Differences in Competencies between Nurses Prepared at the Associate Degree Level Versus the Baccalaureate Degree Level 1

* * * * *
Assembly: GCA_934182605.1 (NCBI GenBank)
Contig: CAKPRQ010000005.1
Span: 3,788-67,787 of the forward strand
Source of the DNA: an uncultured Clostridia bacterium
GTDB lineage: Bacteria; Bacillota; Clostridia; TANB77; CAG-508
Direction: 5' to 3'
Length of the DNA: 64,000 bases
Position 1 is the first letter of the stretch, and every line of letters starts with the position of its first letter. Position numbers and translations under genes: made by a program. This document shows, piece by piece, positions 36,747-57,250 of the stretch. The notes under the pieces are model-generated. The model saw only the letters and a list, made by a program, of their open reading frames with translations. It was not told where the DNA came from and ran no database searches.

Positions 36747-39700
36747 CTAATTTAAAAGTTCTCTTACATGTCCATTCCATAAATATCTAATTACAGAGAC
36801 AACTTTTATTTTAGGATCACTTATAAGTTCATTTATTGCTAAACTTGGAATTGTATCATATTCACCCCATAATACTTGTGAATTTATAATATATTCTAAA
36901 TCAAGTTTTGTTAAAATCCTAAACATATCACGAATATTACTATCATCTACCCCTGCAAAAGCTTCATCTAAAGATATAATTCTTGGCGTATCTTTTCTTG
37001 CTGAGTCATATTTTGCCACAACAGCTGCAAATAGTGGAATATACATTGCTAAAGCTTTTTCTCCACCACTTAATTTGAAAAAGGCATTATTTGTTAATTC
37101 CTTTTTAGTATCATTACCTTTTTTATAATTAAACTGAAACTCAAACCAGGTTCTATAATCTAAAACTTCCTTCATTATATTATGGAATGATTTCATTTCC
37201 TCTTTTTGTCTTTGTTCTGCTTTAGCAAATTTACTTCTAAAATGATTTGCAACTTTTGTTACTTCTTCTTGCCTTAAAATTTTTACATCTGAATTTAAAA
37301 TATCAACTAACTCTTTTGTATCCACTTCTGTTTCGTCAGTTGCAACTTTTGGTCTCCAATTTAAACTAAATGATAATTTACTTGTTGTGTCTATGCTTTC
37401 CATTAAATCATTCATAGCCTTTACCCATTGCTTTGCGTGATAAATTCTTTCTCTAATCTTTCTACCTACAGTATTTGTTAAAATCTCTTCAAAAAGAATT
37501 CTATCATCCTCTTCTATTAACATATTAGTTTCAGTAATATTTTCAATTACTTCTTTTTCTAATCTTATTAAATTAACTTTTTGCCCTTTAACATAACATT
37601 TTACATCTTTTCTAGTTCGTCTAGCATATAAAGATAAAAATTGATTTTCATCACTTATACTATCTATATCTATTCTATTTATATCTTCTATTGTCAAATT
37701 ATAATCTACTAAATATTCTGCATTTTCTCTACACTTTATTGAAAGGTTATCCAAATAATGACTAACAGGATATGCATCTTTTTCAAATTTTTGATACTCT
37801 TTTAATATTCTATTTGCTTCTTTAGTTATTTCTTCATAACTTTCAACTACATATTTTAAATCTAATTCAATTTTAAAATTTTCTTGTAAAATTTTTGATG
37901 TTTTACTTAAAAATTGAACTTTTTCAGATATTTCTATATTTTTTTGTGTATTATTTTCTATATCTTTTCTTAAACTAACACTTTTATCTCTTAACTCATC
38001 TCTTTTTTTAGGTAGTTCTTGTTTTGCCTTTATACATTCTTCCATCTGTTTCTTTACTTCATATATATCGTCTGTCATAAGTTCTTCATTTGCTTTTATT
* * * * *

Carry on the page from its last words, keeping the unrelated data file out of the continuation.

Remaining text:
Health care is a field that is changing dramatically. Many practicing nurses have various degrees in nursing like Associate Degree, Diploma, Baccalaureate and Master’s degree. Due to the varying levels of education and training, differences exist between the nurses prepared with an Associate degree (ADN) when compared to those nurses who have trained in a Baccalaureate degree (BSN). Though nurses getting these degrees have their differences in preparation, nurses earning these degrees have adequate theoretical and clinical learning experiences. The license qualifying examination for many states- National Council Licensure Examination (NCLEX) - does not differentiate between ADN and BSN degree prepared nurses and allows nurses with both degrees to take the licensing examination after completion of the degree regardless of the educational background of the applicant. The differences in competencies between nurses prepared with an ADN compared to those prepared with a BSN include the quality of training and duration of the course. From research shown in many well published studies and from my own practice, I feel that such differences in training create various approaches to patient management in similar clinical situations and hence do have a variable effect on patient outcomes. Nurses with an ADN or a BSN have distinctive differences in their preparation to get their degree. Nurses with an ADN obtain their degree through attending community colleges, nursing schools, or other 4 year colleges or even online (Mahaffey 2002). This short duration degree (ADN) permits nurses to sit for NCLEX exam and become a Registered Nurse (RN) with comparatively reduced tuition and time but the course is intense. When it comes to nursing education, such courses usually emphasize clinical skills which are very task centered (Shipman 2011). This task...
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